Definition of Mosaic

The word "mosaic" is from the medieval Latin "musaicus" and means a creation from the Muses (Nine Greek divinities of arts and sciences, daughters of Zeus and Mnemosine). Mosaic was originally used to describe the artistic creation of figures on pavements or walls using small pieces of painted material, such as stones, marble, wood of regular shape (from the Greek tessera (gonos); in Latin tessera means an object with four sides) placed close to each other to build figures (Fig. 3.2). Later the

Fig. 3.2 A mosaic from the Roman period. This is a wonderful example of the art of decoration using the mosaic technique

Fig. 3.2 A mosaic from the Roman period. This is a wonderful example of the art of decoration using the mosaic technique

word mosaic came to be used in many contexts to indicate a pattern characterized by distinct elements aggregated to produce a system.

In geographical or ecological meaning the ecological mosaic can be defined as an aggregation of patches of different types in which the interactions are determined by the functions that this mosaic is developing. In other words, a mosaic is the representation of the emergent properties of component patches. When we are dealing with a mosaic the study or the management of a spatially heterogeneous unit in which heterogeneity is produced by size, shape, and distribution of composing patches is necessary.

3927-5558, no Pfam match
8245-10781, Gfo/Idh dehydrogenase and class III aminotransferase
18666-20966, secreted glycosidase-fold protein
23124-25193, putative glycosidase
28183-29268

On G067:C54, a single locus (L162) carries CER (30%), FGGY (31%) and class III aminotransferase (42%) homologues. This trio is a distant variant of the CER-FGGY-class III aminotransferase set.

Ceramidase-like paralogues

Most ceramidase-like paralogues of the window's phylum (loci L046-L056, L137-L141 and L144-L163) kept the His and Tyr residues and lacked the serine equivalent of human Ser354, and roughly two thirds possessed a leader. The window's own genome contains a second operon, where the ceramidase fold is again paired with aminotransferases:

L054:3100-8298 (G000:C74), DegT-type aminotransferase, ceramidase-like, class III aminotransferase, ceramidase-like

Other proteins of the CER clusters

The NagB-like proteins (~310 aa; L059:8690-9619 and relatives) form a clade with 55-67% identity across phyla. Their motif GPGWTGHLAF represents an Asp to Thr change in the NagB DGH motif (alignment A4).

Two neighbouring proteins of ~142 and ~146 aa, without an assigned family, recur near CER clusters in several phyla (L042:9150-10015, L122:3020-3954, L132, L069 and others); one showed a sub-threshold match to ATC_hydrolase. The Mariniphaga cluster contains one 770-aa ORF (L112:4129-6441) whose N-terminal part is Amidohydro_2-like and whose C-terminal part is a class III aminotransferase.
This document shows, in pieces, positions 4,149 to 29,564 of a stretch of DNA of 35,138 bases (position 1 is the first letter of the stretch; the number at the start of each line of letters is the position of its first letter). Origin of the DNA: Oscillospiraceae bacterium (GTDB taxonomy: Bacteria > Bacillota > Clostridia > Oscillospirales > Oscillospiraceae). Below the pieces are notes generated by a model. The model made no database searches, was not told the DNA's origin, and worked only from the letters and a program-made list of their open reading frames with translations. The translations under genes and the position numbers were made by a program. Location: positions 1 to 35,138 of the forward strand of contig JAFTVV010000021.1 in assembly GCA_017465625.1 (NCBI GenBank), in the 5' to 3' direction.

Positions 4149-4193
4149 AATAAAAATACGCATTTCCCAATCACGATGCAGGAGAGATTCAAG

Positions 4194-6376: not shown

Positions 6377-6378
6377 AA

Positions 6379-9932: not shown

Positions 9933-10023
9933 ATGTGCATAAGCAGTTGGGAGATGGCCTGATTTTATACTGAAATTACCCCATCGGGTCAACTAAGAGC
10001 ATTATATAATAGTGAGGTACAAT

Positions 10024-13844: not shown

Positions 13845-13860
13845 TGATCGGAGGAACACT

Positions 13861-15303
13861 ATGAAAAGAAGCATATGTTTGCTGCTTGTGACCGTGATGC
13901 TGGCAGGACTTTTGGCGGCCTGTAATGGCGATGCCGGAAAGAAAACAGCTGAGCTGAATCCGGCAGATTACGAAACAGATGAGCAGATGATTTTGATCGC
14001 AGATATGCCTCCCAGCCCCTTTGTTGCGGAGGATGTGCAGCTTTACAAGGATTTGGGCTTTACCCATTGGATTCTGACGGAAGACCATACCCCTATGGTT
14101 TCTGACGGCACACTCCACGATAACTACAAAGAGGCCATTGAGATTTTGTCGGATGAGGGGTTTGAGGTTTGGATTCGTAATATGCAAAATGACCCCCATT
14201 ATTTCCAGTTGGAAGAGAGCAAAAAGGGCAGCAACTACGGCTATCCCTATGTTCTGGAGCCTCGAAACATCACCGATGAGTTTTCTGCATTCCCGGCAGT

This unitarian vision of a mosaic allows the investigation of phenomena that occur at a scale many times larger than the patch scale.

Enormous efforts have been undertaken by landscape ecologists to understand the role of mosaics, especially the one created by the combination of human use and vegetation dynamics; but this analysis has appeared often too superficial and too restricted to a relatively narrow range of temporal and spatial scales. Finally, patterns are considered in terms of spatial objects that maintain their properties independent of the context in which they exist. We have very scant information on the rule and functions of the mosaics, but probably the heterogeneous distribution of all the objects in our living and nonliving space pertains to a general rule of the matter. Nevertheless, the study of mosaics appears a promising approach to a better understanding of the complexity of our living system.

Dimension, shape, and contagion of the ecological mosaics are the product of interaction between organisms and their physical and biological context. If mosaics are common features in any biological and nonbiological world it is important to discover the rules and the processes by which they are created and maintained.

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